1 Answer 1

Thanks everybody!

Here is the "corrected" code which performs explicit message dispatching:

void DispatchPendingMessages(void)
{
    const DWORD uiTimeout = GetTickCount() + 10000;
    const HANDLE hEvent = CreateEvent(NULL, TRUE, FALSE, NULL);
    unsigned int counter = 0;
    if(hEvent)
    {
        for(;;)
        {
            MSG Message;
            while(PeekMessage(&Message, NULL, WM_NULL, WM_NULL, PM_REMOVE))
            {
                TranslateMessage(&Message);
                DispatchMessage(&Message);
            }
            const DWORD nWaitResult = MsgWaitForMultipleObjects(1, &hEvent, FALSE, 250, QS_ALLINPUT | QS_ALLPOSTMESSAGE);
            if((nWaitResult == WAIT_TIMEOUT) || (nWaitResult == WAIT_FAILED) || (GetTickCount() >= uiTimeout)) break;
        }
        CloseHandle(hEvent);
    }
}

//-----------------------------------------------------------------------------

static int TestProc(const TCHAR *pcDirectoryName, const TCHAR *pcFileName)
{
    int iSuccess = 0;

    IShellDispatch *pShellDispatch = NULL;
    Folder *pFolder = NULL; FolderItem *pItem = NULL;
    FolderItemVerbs *pVerbs = NULL;

    HRESULT hr = CoCreateInstance(CLSID_Shell, NULL, CLSCTX_INPROC_SERVER, IID_IShellDispatch, (void**)&pShellDispatch);
    if(FAILED(hr) || (pShellDispatch ==  NULL))
    {
        iSuccess = -3;
        return iSuccess;
    }

    variant_t vaDirectory(pcDirectoryName);
    hr = pShellDispatch->NameSpace(vaDirectory, &pFolder);
    if(FAILED(hr) || (pFolder == NULL))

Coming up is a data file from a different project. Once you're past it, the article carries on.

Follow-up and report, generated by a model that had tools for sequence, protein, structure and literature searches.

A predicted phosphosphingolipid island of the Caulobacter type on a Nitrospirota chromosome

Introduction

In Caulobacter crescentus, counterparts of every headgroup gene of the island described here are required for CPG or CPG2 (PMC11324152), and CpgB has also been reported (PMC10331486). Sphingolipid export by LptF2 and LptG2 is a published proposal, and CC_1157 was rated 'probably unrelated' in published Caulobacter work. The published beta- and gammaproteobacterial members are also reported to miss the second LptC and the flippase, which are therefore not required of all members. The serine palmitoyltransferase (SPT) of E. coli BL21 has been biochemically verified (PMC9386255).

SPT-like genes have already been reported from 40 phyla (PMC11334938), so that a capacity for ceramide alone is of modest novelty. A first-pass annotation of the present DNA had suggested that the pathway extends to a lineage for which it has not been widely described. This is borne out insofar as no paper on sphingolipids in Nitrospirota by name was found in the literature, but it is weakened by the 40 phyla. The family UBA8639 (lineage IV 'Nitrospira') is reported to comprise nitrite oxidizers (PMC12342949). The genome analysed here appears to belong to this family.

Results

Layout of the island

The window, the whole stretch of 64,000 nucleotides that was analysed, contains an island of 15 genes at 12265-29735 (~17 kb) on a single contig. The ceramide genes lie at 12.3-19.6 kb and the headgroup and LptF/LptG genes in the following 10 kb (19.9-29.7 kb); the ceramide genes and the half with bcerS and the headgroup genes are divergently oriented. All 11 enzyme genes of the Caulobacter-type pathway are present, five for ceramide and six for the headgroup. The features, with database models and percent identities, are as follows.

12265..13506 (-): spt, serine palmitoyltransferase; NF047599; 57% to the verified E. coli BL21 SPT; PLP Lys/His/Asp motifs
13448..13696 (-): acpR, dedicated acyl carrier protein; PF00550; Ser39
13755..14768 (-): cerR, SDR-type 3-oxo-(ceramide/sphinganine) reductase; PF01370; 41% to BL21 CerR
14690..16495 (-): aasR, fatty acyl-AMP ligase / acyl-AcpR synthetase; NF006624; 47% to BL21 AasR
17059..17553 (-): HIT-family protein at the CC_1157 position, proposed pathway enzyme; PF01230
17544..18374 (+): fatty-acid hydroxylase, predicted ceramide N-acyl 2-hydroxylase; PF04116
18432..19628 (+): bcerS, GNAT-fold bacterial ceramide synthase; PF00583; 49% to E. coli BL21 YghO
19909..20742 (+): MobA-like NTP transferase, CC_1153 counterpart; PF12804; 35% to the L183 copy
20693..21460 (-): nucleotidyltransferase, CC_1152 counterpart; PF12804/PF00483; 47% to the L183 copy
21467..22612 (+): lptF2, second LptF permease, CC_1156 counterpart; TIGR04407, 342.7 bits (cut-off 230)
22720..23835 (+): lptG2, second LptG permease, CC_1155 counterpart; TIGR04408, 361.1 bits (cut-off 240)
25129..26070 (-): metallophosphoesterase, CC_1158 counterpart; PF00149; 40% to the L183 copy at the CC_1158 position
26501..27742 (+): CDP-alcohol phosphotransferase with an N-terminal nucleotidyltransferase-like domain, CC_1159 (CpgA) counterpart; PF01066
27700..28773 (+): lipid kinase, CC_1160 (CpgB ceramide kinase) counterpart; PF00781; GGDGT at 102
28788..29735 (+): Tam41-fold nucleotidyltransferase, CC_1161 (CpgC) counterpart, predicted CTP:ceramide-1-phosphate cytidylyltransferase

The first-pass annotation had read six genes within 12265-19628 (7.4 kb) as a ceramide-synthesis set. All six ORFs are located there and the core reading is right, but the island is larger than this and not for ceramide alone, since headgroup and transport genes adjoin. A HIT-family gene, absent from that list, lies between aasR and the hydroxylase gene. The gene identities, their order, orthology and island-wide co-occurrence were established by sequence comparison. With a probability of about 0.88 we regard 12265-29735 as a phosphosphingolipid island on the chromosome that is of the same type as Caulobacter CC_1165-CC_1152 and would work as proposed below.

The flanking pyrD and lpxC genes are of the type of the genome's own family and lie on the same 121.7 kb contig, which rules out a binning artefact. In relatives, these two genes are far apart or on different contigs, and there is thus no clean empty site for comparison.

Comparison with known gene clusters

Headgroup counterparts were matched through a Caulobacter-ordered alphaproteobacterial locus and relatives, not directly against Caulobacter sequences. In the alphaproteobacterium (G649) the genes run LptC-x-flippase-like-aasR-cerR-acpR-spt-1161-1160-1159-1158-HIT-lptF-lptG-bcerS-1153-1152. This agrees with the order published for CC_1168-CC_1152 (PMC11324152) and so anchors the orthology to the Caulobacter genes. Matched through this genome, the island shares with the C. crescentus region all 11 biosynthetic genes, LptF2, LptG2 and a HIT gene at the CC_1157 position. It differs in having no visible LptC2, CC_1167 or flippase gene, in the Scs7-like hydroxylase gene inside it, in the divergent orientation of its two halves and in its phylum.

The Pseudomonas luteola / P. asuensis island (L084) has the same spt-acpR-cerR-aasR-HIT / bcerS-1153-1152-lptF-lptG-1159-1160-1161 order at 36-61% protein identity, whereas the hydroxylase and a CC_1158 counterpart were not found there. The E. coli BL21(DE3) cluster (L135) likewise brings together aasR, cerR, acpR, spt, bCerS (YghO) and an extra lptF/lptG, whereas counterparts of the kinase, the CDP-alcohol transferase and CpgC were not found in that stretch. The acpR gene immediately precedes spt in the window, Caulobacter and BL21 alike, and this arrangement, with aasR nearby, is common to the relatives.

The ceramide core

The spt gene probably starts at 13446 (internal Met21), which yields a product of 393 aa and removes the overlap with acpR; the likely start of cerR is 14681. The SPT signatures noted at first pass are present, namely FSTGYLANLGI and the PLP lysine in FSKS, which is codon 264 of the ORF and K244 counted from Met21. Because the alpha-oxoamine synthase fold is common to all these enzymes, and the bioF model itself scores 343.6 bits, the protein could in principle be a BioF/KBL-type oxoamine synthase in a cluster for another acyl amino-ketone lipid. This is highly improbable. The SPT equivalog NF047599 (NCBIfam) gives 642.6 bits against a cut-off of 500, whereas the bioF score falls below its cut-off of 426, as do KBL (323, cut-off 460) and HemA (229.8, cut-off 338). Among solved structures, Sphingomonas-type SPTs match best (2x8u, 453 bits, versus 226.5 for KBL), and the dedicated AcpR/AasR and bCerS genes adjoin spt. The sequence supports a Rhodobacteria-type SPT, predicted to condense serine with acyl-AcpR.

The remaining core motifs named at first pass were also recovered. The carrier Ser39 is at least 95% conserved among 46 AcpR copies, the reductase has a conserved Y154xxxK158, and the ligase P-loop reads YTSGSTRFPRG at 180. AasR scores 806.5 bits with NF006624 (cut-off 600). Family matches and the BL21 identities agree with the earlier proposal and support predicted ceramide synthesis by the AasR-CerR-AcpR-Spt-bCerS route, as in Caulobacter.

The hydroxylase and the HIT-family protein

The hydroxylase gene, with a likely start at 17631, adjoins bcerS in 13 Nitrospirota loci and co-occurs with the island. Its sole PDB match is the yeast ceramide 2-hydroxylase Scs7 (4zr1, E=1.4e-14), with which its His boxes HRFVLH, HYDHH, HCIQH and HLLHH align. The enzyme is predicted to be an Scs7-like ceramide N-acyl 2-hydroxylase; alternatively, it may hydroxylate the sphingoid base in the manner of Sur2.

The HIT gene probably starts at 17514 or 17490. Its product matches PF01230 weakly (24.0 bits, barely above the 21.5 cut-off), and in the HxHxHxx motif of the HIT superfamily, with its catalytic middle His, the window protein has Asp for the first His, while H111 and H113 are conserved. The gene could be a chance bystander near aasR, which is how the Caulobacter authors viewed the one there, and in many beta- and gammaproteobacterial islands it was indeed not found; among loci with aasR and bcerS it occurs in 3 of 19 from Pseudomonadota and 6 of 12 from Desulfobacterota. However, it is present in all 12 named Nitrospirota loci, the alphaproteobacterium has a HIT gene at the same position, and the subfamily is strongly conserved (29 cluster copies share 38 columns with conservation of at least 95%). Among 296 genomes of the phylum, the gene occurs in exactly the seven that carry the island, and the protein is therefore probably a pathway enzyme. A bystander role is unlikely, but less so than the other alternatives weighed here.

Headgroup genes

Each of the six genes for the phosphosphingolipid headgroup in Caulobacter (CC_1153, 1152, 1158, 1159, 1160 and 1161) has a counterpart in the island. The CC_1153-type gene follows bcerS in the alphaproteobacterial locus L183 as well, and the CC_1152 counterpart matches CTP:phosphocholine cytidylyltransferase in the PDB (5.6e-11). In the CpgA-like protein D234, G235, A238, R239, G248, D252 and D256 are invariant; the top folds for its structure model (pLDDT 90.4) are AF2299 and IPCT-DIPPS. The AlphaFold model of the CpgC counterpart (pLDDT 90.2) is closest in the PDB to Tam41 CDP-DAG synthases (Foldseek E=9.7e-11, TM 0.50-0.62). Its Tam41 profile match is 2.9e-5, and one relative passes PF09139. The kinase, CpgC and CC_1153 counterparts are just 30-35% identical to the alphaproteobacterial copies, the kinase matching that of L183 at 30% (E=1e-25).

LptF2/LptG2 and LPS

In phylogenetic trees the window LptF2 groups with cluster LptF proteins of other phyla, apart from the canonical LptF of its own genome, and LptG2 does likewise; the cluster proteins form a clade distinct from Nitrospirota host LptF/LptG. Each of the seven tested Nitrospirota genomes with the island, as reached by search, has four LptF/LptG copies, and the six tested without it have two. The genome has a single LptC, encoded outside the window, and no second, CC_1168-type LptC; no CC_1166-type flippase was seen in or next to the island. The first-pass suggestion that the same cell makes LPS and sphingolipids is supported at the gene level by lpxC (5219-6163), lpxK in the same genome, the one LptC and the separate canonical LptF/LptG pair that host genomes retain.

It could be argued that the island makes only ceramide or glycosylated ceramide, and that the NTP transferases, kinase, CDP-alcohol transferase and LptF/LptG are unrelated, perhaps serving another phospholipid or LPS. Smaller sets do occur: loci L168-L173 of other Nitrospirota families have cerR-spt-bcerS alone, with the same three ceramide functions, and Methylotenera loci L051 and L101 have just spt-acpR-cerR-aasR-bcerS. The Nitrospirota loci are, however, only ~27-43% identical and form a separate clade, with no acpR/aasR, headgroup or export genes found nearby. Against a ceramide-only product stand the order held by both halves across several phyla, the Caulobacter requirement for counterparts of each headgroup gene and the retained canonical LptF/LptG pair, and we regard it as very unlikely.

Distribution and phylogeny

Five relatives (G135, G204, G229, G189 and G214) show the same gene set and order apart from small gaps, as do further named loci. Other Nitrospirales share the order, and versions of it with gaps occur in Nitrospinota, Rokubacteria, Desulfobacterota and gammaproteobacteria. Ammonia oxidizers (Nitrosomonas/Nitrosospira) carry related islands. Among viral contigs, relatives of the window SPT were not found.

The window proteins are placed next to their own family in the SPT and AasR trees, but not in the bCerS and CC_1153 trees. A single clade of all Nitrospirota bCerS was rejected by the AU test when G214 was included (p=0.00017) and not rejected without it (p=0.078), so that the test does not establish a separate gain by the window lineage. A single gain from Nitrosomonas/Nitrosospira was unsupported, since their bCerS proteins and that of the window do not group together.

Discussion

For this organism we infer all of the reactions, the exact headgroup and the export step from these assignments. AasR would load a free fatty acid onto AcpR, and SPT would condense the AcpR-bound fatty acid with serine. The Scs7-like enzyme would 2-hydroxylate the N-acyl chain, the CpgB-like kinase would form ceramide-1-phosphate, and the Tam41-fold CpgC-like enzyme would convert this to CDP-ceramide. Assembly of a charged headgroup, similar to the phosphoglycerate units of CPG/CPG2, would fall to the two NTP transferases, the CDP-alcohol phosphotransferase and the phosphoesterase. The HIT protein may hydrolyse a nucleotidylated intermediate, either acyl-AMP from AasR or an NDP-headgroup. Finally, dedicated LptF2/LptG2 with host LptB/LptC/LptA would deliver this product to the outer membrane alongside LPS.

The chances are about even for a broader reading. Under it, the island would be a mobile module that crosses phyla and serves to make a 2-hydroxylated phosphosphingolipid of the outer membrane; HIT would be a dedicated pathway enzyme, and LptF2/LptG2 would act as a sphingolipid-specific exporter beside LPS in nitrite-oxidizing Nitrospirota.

{
        iSuccess = -4;
        pShellDispatch->Release();
        return iSuccess;
    }

    variant_t vaFileName(pcFileName);
    hr = pFolder->ParseName(vaFileName, &pItem);
    if(FAILED(hr) || (pItem == NULL))
    {
        iSuccess = -5;
        pFolder->Release();
        pShellDispatch->Release();
        return iSuccess;
    }

    hr = pItem->Verbs(&pVerbs);
    if(FAILED(hr) || (pVerbs == NULL))
    {
        iSuccess = -6;
        pItem->Release();
        pFolder->Release();
        pShellDispatch->Release();
        return iSuccess;
    }

    /* Here we would do something with the FolderItemVerbs */

    pVerbs->Release(); pVerbs = NULL;
    pItem->Release(); pItem = NULL;
    pFolder->Release(); pFolder = NULL;
    pShellDispatch->Release(); pShellDispatch = NULL;

    iSuccess = 1;
    return iSuccess;
}

//-----------------------------------------------------------------------------

static unsigned __stdcall ThreadProc(void* pArguments)
{
    HRESULT hr = CoInitialize(NULL);
    if((hr == S_OK) || (hr == S_FALSE))
    {